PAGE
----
What makes the Forces of Darkness evil, in this scenario, is not that they would prefer it if the scientific consensus were behind conclusion Y, nor even that they would prefer to ignore the scientific consensus behind conclusion X (because conclusion X is inconvenient for the policy objectives the Forces of Darkness would like to pursue). Rather, the evil lies in trying to distort the public's picture of what the scientists think they know -- to make conclusion X look less well supported than it actually is, or to make conclusion Y look better supported. The evil lies, as well, in misrepresenting to the public the process by which scientists try to achieve consensus. (It is striking how many minority-view advocates in the debate have claimed the mantle of Galileo rather than working to find the evidence or the arguments that might convince their scientific peers.) And, there is a perverse kind of evil in at once claiming scientific support for one's political and policy aims (by acting as a booster for minority scientific views that seem harmonious with those aims) and simultaneously ignoring (or, in the case of scientists in one's employ, silencing) the voices of those in the community of science whose conclusions are not to your liking, despite the fact that the scientists themselves judge the methodology used in reaching those conclusions to be sound.

While I don't think doing good, objective science (or working from the knowledge produced by that science) forces a particular political view upon anyone, it does seem that there are particular political strategies that may be incompatible with one's commitment to the methodology of science. A political strategy that required annointing as "knowledge" whatever view best advanced the policy agenda would be at odds with scientific commitments about how best to build knowledge of the world. If one side in the political discourse really did make a decision that inconvenient scientific facts were getting in the way of winning the hearts and minds of voters, and if that side decided that it would be political expedient therefore to cast the scientific facts themselves into confusion and to make it difficult for members of the public to get an accurate view of what the scientists thought, I don't think it would be unfair to cast that side as against science. Indeed, a political faction could be anti-science from the point of view of casting into confusion certain bits of scientific knowledge while still being quite enthusiastic about potential applications from other branches of science.

If this were the scenario playing out, what kind of standards of independence ought we to demand of the journalist trying to report on it? Must he or she maintain agnosticism about whether suppressing or misrepresenting scientific knowledge for political ends (whatever they may be) is a good thing? That might be an awful lot to ask (and I think it's more than Fuller is asking). Must he or she locate political operatives who are willing to state openly that this is the strategy they are pursuing? If they're good operatives, and the strategy relies on a certain kind of dishonesty, this just might not be possible. Must he or she find evidence that scientists who agree with the (inconvenient) scientific consensus are being silenced? That scientist who hold the (more harmonious) alternative view nonethless have qualms about how their scientific dissent is "spun" for the public, because it subverts proper scientific channels for adjudicating the dispute? It may be possible to find some such voices, but there is also the possibility of finding political operatives in scientists' clothing -- at which point, an assessment of their methodology and degree of engagement in the debate within the scientific community might be useful in distinguishing serious scientists who disagree with the majority position from hacks.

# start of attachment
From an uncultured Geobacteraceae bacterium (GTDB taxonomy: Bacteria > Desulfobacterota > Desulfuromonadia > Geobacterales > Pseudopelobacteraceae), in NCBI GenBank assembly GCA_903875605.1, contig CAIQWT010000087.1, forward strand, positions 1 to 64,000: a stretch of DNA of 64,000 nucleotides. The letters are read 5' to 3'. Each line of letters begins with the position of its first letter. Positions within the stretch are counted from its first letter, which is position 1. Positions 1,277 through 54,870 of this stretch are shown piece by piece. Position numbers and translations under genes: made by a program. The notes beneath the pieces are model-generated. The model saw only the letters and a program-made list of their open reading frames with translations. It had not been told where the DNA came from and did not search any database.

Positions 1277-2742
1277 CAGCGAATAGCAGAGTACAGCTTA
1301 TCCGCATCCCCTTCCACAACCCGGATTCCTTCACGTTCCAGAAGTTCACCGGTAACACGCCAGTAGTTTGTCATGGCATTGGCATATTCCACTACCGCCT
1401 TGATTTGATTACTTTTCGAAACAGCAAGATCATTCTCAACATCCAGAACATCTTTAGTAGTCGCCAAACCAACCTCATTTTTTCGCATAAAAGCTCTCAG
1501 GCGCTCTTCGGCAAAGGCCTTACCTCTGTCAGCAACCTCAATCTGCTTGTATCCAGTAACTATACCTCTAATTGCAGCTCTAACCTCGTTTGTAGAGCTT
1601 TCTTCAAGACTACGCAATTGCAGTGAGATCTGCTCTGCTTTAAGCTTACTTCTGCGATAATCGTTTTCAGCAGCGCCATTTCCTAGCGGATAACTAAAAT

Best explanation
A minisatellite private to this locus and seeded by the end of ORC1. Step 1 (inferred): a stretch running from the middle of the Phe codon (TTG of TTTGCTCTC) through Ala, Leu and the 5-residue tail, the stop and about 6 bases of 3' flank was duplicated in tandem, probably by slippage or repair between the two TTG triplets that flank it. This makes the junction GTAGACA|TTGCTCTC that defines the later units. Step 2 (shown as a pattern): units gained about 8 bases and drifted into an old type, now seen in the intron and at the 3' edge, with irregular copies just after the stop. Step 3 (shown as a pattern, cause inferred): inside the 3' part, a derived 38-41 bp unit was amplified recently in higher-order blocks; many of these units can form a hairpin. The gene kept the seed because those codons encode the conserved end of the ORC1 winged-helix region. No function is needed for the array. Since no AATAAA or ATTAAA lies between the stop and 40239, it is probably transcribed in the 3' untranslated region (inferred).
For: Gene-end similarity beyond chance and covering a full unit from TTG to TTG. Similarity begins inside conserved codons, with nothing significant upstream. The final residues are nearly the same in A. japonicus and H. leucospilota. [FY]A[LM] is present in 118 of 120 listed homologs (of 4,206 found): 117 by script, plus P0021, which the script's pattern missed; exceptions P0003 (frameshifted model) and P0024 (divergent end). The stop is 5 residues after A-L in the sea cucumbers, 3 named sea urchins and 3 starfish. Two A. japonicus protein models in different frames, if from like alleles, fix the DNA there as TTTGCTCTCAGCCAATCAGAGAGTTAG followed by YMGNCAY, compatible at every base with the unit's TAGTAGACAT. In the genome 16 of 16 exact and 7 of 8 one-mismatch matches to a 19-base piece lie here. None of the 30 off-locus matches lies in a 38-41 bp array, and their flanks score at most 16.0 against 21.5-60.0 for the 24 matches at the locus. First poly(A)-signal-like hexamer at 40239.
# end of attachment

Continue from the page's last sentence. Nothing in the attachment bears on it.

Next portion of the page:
For the record, I'd be perfectly happy to live in a world where being in favor of good science is compatible with any political position, where we can start with reasonable agreement about what the facts are and work from their on our competing programs as to how to act on those facts. But when claims of how the world ought to be depend on certain claims about how the world is, you run the risk that science will undermine your premises. Finding different ways to support your oughts from the facts is one way to respond. Arguing that scientific knowledge is not the only kind of knowledge that matters to support your oughts is another. But acting to distort the picture of the scientific facts in order to claim scientific support for your oughts smacks of an intellectual dishonesty that's hard to reconcile with the reality-based epistemological project of science. Those entitled to "trust" are not the actors with whose politics you most agree, but those unwilling to sacrifice honesty to support even their dearest political goal.

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What perfect timing! We just had our annual advisory board meeting of a med/sci journalism program at the local U. The program director is initiating a new class on ethics in science journalism and asked for (unpaid) lecturers. I'd like to talk about how sci/med journalists evaluate the expertise/authority of their sources.